$2 million transfer from DDA to city of Ann Arbor moving forward, agreement being worked out
A one-time payment of $2 million is likely to make its way from the Downtown Development Authority's coffers to the city of Ann Arbor, helping the city balance its 2010-11 budget.
The DDA's Operations Committee met today and announced a framework for discussions that are expected to lead to a new parking agreement between the city and DDA.
It's expected that the $2 million transfer will be voted on by the DDA's full governing board next Wednesday, and based on today's discussion, it appears to have all the support it needs.
Ryan J. Stanton | AnnArbor.com
A working group of seven members of the Ann Arbor City Council and DDA governing board issued a joint memorandum today, stating they believe the $2 million transfer is necessary to advance the congruent missions of the city and DDA.
"It'll help us to move forward with the whole budget and bring amendments forward that I think will help us at least delay layoffs another year," said City Council Member Margie Teall, a member of the group.
Teall and Council Member Sandi Smith, who also serves on the DDA board, agreed the $2 million will go a long way toward solving the city's budget crunch. The city had faced a deficit of between $5.2 million and $5.8 million in its general fund for 2010-11.
"I don't know what the ramifications are as far as safety services, but certainly it will help us retain some, if not all, of those scheduled for layoff," Smith said, hopeful the money can help avoid cuts to police and fire particularly.
Under City Administrator Roger Fraser's proposed budget, 40 positions are slated for elimination in police and fire in July to save $3.6 million. Even with those cuts, Fraser's budget still includes a $1.53 million deficit, so $2 million might not go far beyond patching that hole.
The DDA's governing board voted 7-4 last month to approve a budget for the upcoming fiscal year that included a $2 million contingency. Whether the city received that money hinged on the pending renegotiation of a downtown parking agreement between the city and the DDA.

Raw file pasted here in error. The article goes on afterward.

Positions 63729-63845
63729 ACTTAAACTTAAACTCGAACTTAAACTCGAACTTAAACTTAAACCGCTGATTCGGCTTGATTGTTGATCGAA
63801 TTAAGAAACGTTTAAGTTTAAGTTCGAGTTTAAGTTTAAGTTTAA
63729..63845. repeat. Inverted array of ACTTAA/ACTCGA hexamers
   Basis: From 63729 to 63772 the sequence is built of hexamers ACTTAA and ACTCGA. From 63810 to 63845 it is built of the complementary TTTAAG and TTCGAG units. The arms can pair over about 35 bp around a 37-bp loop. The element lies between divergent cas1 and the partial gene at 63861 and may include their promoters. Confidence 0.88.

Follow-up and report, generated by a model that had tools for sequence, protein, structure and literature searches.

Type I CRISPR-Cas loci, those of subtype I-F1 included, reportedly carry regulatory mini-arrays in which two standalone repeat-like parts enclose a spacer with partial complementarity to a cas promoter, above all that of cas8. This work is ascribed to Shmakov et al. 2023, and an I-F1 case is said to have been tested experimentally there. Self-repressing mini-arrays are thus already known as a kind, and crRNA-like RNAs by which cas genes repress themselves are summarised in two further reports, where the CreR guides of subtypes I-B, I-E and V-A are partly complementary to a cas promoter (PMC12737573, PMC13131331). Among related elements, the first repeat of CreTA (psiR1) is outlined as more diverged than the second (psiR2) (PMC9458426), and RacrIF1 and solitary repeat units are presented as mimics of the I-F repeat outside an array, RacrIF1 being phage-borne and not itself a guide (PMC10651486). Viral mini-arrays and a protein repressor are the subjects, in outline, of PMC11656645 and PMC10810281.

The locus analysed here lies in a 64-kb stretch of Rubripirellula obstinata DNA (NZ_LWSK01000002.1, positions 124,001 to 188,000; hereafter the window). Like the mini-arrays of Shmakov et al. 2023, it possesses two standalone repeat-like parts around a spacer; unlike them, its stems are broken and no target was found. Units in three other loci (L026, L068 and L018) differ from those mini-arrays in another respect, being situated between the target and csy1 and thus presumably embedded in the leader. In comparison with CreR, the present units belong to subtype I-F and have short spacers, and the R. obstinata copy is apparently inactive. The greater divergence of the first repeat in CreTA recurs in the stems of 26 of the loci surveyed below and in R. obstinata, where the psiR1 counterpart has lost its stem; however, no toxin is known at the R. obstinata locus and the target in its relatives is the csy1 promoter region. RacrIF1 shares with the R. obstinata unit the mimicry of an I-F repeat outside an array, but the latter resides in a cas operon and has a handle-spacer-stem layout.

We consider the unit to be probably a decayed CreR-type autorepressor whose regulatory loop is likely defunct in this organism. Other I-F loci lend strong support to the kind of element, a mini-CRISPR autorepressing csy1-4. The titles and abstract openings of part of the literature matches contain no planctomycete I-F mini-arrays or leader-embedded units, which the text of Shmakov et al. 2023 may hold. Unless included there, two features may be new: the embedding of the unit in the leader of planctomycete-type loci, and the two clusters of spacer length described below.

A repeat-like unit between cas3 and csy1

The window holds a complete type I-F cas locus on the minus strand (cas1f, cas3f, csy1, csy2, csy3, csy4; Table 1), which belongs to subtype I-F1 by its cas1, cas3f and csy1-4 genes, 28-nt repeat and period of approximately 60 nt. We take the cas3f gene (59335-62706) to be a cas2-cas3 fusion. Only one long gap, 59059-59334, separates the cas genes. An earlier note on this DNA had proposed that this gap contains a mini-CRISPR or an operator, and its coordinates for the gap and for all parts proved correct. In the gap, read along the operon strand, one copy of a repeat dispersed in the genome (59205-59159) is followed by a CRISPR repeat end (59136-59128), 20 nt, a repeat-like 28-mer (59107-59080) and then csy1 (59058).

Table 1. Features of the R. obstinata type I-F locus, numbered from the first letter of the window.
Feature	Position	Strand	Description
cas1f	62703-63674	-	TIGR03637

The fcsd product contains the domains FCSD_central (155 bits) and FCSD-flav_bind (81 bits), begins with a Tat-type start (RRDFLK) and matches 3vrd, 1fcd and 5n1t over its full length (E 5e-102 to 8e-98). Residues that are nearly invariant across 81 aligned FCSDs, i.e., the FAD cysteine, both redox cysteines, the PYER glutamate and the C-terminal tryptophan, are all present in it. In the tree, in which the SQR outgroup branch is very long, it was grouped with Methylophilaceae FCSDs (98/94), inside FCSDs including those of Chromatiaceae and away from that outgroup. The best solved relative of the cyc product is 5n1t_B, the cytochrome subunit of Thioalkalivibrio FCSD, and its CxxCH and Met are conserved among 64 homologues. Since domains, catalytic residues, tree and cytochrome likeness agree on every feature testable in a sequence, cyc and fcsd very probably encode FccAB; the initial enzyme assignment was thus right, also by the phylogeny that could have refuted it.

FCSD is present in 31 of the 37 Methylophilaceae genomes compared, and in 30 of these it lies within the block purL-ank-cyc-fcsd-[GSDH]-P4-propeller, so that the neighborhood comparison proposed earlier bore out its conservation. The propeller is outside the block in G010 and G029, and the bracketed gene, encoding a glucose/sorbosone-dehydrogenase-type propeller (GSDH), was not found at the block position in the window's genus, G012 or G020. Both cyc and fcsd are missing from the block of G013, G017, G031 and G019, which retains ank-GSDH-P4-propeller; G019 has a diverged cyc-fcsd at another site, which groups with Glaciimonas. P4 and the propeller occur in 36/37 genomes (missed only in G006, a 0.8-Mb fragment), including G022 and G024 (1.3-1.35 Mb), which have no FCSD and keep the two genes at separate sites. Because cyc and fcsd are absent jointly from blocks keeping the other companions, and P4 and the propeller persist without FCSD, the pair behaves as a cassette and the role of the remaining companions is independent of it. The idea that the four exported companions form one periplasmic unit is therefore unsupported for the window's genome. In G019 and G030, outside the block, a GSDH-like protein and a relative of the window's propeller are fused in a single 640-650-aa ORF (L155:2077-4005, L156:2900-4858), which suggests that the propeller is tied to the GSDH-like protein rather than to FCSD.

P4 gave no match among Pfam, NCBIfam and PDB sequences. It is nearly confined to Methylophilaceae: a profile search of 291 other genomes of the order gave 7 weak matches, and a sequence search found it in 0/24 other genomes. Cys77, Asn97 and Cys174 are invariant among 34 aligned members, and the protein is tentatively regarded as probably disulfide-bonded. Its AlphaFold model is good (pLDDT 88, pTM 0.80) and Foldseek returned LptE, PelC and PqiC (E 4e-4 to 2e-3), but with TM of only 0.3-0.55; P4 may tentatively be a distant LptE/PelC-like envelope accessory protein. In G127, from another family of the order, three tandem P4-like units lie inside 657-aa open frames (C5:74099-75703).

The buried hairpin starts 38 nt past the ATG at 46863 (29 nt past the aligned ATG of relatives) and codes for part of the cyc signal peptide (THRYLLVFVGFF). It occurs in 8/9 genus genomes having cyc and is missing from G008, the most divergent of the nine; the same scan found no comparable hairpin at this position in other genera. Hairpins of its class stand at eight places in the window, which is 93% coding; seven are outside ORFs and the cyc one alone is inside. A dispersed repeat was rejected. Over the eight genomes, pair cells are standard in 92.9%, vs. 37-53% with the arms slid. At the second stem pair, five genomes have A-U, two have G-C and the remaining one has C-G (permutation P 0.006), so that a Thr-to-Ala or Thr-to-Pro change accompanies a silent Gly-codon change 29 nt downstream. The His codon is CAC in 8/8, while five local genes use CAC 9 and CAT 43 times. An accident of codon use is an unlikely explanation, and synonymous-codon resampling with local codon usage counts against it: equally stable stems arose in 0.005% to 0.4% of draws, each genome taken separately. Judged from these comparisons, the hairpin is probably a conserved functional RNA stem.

The expected $2 million commitment from the DDA is a continuation of annual payments the DDA has made to the city for years. About five years ago, the city and the DDA negotiated a contract for the DDA to operate the city's parking system. That contract required the DDA to pay the city $1 million a year over a 10-year period that will end in 2015.
The city has been drawing an extra $1 million on top of the contracted $1 million for each of the last five years, depleting the entire $10 million worth of the contract five years early.
Roger Hewitt, chairman of the DDA's Operations Committee, laid out the framework of a possible agreement today to continue the $2 million payments to the city for at least this year — with a formal agreement yet to be finalized.
Hewitt said discussions will continue, leading up to the finalization of a new agreement hopefully by Oct. 31. He summed it up the tentative framework:
- The DDA would continue to pay the city $2 million a year.
- The DDA would be responsible for all the public parking management and policies within the city, though certain policy decisions still would go through City Council.
- The DDA would take over parking enforcement that is now currently a city function. The DDA also would take over community standards enforcement within the DDA area, which is now a city function.
- The DDA would be responsible for certain city services that are now done by the city within the DDA area.
- The DDA would become the engine for the implementation of development of city-owned surface parking lots within the DDA area.
Hewitt said the services in discussion include items like tree trimming, maintenance of Liberty Plaza and Sculpture Plaza, maintenance of historical markers and graffiti removal.
"We sort of philosophically kind of drew a line at the curb — the street would be the city's responsibility, and the curb and sidewalks and alleys would be the DDA's responsibility," Hewitt said. "There are many details to be worked out, but that's the approximate breakdown."
Arbor Brewing Co. owner Rene Greff, a former DDA board member, criticized DDA officials today for deciding to "write a blank check to the city for $2 million with no strings attached."
"This money will be pilfered from the parking system and even though you will deny the connection, we all know it will be paid for by struggling small businesses owners, our employees and our customers through higher parking rates, increased fines, and evening enforcement," she wrote in an e-mail to DDA officials. "There is so much that stinks about this resolution and the process that led to it that I hardly know where to begin."
Read the full text of her e-mail here.
Ryan J. Stanton covers government for AnnArbor.com. Reach him at firstname.lastname@example.org or 734-6223-2529.